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Zion National Park Cliff Face Deep Canyon Forest Plains

A wide cliff face, deep canyon, and forest plains in the southwest make up Utah’s Zion National Park. St. George is about 30 miles 50 kilometers north of the park on the Colorado Plateau. Cedar Breaks National Monument is close to the northeast.

Bryce Canyon National Park and Grand Staircase-Escalante National Park are close to the east. Pipe Spring National Monument as well as the northern border of Grand Canyon National Park are located to the south. Prashant National Monument is to the southwest.

Zion Canyon History

Its main characteristic is Zion Canyon, named after the Mormon pioneers who settled the area in the early 1860s. A part of the park initially designated as Mukuntuweap National Monument in 1909. The monument expanded and named Zion National Monument in 1918 and declared National Park in 1919. The park further developed in 1956 by adding adjacent property that had previously designated Zion National Monument. This property is now known as Kolob Canyons. The entire park covers two miles or 593 square kilometers.

Limestone strata provide evidence of the area’s geological origins. Its submerged and uplifted over the last 300 million years. It then covered in volcanic ash, dried out into an eerily windswept desert, then flooded. Thirteen million years later, it thrust upwards once more. The sediment-laden rivers began the process of erosion that led to Zion’s stunning valley and canyon formations. Zion Canyon, for example formed through the Virgin River, is about 15 miles 25 km long and up to 3000 feet 600 to 900 meters deep.

The rock domes along with the pinnacles that line the canyon walls vary in color from rust-red at lower elevations, and then almost white at the top. Numerous fossils found in canyon walls indicate that prehistoric inhabitants of the area were once descendants of Pueblo Indians and the Ancestral Pueblo culture. The Great White Throne is a monolith rising 2,394 feet 730 meters above the valley floor. Other sites in the park include Emerald Pools, Weeping Rock and The Temple of Sinawava. These are all located in Zion Canyon, and Kolob Arch which is located within the Kolob Canyons area.

Geological Of Zion National Park Canyon

Geologically, sedimentary rocks are evidence of its ancestry. This area has over the course of 300 million years, come under water and uplifted. It was then covered in volcanic ash, turned into an eerily windswept desert and then flooded about 13 million years earlier, pushed upwards again. Sediment-laden rivers started the process of erosion responsible for Zion’s spectacular valley and canyon formations. Zion Canyon, for example formed by the Virgin River, is about 15 miles 25 km long and between 2,000 and 3000 feet 600 to 900 meters deep.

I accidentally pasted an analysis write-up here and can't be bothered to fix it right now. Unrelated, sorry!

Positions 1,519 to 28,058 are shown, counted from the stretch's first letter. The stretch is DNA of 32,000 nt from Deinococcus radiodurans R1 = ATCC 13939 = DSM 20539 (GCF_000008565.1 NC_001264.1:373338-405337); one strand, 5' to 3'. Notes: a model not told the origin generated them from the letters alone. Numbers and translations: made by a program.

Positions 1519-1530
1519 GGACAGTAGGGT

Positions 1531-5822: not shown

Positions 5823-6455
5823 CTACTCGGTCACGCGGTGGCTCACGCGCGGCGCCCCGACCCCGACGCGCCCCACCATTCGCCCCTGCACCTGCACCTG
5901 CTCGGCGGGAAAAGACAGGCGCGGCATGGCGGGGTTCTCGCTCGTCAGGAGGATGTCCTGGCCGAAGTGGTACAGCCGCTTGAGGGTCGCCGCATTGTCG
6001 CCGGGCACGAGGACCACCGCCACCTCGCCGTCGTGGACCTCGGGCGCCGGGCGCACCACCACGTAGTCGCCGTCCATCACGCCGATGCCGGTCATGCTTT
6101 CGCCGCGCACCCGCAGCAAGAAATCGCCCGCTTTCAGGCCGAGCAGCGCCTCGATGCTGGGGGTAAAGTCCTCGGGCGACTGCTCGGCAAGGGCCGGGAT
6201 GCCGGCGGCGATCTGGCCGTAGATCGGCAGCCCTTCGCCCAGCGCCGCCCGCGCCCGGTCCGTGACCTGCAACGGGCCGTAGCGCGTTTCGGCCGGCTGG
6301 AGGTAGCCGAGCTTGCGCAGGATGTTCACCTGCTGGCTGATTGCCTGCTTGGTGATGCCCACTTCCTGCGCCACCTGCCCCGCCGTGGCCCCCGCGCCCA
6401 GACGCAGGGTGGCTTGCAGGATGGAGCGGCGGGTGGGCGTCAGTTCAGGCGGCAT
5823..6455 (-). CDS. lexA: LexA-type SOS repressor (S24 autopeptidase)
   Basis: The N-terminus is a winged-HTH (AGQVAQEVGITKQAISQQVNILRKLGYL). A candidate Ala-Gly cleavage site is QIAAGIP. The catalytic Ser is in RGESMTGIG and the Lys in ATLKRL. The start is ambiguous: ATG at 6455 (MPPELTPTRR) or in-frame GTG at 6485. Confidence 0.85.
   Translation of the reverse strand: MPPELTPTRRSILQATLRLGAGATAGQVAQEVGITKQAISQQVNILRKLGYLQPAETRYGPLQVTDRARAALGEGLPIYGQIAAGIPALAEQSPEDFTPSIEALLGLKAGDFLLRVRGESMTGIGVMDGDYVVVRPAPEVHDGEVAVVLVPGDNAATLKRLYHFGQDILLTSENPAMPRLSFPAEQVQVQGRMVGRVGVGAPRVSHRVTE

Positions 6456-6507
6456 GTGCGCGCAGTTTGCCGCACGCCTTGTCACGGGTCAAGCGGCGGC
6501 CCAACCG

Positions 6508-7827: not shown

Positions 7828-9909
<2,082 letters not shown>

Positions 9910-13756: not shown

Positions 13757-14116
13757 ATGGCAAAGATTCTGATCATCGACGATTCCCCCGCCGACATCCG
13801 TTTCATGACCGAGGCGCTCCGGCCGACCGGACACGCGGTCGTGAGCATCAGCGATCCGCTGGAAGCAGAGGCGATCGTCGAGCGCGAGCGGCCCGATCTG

The domes of sandstone along with the pinnacles that line the canyon walls vary in color from rust-red at lower elevations, and then almost white at the tops. The extensive fossil evidence on the wall has provided evidence that suggests that prehistoric tribes were influenced by Ancestral Pueblo culture. Pueblo Indians were once present in the region. The Great White Throne, a massive monolith on a canyon wall, stands 2,394 feet 730 meters above the canyon floor. Other sites in the park include Emerald Pools, Weeping Rock as well as The Temple of Sinawava. These are situated in Zion Canyon, and Kolob Arch in the Kolob Canyons area.

Zion Wildlife

Zion’s wildlife comprises Mule deer Golden eagles, mule deer, mountain peregrine falcons, lions and the Zion snail which is native to the park. Bighorn was brought back within the park’s boundaries in 1973, after having been extinct two years earlier. In addition to the more than 800 species of native plants, there are also semi-arid species such as cactus, cottonwoods, willows, and box elders found along the canyon’s bottom.

Juniper and pines are also present higher up. Walking as well as the horse riding are both popular pursuits. In the year 2000, traffic congestion and parking issues led to the establishment of a shuttle bus service within the park. From April to October, the principal route that runs through Zion Canyon is accessible only by bus.